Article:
(2 / 5)
Ben Affleck has gone from Batman to The Accountant to bringing in the new year as the prohibition gangster, Joe Coughlin. He takes on the roles of director, lead actor and screen writer in this adaption of Dennis Lehane’s latest novel. This has been a partnership that has worked well in the past with Affleck’s adaptation of Gone Baby Gone. Can Affleck’s love for his hometown of Boston and the work of the celebrated novelist make for a winning combination for audiences?
The prohibition era has provided a wealth of story lines that include gangsters, corrupt police officers and the women that they love. Joe Coughlin served Europe during World War I and had his fill of needless killing, but his lifestyle choices on his return to the United States led him to a life of crime. Even with the influence of his police investigator father, Joe chooses to become a bank robber and gets involved with a gangland leader’s girlfriend, Emma Gould (Sienna Miller). These poor choices of career and love almost lead him to an early grave and cause him to lose the love of his life. After leaving the hospital and in an attempt to seek revenge for Emma, he comes into the service of rival Italian Mafia Maso Pescatore (Remo Girone). He takes over the operation of rum running in Florida for the Italian gangster and comes to love the sunshine state and finds his Cuban lover, Garciela (Zoe Saldana). The life of crime suits Joe and he eventually becomes the kingpin for the Mafia operation in Florida until he crosses paths with the local Ku Klux Klan and the daughter of the Tampa police chief.
The novels of Dennis Lehane have been the source for some of this era’s best directors. Being set in Boston, this storyline seems to be a natural fit for Affleck’s hometown passion, even though this a different timeframe for the accomplished director. He manages to capture the 1920’s and 1930’s era with the wardrobe and the cityscapes in Boston and Southern Florida. The wide screen cinematography captures the allure and beauty of the everglades of Florida. These visual elements are complemented by a stellar cast that surround Affleck in his latest directorial outing. Two of the stronger support cast memenrs are found in Brendan Gleeson (Calvery) and Chris Cooper (Demolition) who bring a credibility to the cast, but even these giants in the industry are overshadowed by Chris Messina (Argo) as the faithful sidekick, Dion Bartolo. The combination of the quality performances and the visual elements lift the artistry of Live by Night and Affleck’s directorial style, but they cannot make up for his attempt to do too much with one film.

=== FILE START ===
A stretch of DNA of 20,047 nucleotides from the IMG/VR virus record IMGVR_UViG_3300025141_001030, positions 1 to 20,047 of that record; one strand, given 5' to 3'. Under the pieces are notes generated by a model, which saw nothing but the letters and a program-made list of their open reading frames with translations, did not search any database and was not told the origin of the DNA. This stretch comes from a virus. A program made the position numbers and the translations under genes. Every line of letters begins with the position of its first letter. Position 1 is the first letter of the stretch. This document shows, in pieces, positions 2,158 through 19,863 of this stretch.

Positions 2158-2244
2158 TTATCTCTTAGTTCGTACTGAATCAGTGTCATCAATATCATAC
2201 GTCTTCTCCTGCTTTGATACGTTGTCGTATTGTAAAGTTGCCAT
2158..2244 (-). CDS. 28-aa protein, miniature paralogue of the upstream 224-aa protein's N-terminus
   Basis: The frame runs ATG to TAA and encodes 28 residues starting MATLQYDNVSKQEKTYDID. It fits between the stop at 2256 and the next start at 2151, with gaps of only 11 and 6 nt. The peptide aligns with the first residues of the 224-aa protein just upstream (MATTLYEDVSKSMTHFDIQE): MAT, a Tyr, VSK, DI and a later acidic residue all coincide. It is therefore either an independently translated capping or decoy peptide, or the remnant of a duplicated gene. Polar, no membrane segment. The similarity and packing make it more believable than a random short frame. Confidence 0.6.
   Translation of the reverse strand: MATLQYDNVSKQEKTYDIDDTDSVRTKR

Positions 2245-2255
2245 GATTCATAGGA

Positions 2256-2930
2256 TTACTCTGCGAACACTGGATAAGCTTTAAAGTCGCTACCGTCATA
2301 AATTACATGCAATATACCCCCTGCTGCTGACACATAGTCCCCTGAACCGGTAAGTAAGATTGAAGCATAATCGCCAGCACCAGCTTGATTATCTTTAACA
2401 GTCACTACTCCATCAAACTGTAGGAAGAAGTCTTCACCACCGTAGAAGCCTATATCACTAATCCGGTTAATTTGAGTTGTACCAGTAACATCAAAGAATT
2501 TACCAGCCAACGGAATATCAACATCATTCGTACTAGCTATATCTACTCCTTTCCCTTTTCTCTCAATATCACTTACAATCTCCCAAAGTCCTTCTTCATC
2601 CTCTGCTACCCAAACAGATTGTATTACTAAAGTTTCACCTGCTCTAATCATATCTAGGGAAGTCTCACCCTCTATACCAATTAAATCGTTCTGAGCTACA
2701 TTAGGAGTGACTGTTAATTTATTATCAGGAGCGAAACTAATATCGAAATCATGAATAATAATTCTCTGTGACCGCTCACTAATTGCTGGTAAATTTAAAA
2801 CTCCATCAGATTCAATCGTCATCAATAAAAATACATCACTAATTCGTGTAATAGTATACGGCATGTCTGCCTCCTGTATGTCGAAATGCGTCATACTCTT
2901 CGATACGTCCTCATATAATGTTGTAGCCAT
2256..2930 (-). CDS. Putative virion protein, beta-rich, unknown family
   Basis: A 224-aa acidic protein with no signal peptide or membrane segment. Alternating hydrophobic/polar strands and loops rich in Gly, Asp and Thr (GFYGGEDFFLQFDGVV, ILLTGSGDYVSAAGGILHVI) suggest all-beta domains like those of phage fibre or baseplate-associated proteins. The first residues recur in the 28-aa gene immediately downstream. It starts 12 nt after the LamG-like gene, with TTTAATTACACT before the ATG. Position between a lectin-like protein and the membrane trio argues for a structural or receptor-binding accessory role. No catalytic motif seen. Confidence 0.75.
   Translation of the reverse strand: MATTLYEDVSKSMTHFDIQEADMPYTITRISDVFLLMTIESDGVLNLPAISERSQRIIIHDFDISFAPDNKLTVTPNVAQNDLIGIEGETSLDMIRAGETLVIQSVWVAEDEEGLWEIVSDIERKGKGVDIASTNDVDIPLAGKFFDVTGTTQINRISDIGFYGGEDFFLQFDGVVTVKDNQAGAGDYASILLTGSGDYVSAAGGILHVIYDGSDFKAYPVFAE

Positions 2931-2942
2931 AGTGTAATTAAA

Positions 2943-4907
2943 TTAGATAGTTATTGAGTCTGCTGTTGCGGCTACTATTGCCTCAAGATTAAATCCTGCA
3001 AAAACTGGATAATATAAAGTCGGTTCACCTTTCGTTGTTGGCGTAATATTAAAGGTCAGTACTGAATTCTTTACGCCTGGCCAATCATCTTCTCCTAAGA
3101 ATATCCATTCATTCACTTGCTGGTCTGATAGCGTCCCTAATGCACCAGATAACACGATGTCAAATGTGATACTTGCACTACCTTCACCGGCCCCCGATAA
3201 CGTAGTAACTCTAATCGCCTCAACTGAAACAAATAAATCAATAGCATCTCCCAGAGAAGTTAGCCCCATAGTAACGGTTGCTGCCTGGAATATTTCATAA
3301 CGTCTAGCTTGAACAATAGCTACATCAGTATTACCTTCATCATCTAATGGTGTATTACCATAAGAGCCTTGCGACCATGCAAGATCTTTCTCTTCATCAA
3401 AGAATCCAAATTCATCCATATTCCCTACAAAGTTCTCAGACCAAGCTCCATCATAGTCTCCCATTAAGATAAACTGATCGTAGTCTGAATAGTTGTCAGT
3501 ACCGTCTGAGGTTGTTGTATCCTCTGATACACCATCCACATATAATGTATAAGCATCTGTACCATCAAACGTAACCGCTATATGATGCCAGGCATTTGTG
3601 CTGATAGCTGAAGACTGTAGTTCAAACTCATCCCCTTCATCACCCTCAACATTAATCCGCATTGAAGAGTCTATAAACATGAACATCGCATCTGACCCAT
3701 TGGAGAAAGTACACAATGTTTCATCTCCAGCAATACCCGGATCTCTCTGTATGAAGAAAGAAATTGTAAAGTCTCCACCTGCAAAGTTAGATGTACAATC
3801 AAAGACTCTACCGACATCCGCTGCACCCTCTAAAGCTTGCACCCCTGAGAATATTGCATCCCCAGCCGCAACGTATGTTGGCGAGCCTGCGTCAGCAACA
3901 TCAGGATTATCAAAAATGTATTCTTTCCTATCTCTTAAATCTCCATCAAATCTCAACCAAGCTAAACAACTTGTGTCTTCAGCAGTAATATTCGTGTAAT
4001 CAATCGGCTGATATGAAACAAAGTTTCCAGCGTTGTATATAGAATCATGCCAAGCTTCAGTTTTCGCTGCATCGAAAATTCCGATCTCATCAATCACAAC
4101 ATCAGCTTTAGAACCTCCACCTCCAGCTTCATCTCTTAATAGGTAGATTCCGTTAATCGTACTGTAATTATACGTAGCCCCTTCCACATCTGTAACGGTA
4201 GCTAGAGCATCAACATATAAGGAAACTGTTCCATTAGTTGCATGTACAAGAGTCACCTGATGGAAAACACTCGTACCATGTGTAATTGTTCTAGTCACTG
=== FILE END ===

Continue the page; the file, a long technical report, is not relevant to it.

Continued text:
The undoing of the film can be found in the attempt to cover three decades and the myriad of layers to Joe Coughlin’s life. Instead of remaining within one portion of the gangster’s life, Affleck attempts to take on all of the elements of the novel and it proves to be too much for one film to handle. The quality of the story gets watered down in the attempt to deliver every aspect of his life in Boston and Florida. This is exacerbated by the lack of romantic chemistry between Affleck and his two leading ladies. Miller and Saldana are excellent in their roles of women of dark pasts and they bring colourful elements to the gangster’s life. The women do not present the problem, the issue is found in Affleck’s acting style which fails to be convincing as the romantic lead in either of these relationships. Then with the inclusion of the overrated Elle Fanning (The Neon Demon) as the evangelist who leads to the downfall of Coughlin’s Florida crime empire things come undone for Affleck. His film has the potential to be a welcomed return to a by gone era of gangster films, but he takes this story from one of literature’s big guns and merely shoots blanks.
REEL DIALOGUE: What are some of the bigger questions to consider from this film?
What is the wisdom of a father? Joe Coughlin’s father in Live by Night was not a perfect man, but he had insights that would have kept him from much of the grief in his life. Wisdom is something all people seek, but many do not always follow. Earthly fathers can be a wealth of wisdom, but it can be flawed at times. For those seeking true wisdom in their lives, it can be found in the heart of the Bible. There are actual sections that are known as wisdom literature. Ancient literature that has applications in life today.
Where to find wisdom in the Bible: Job, Psalms, Proverbs, Ecclesiastes and Song of Songs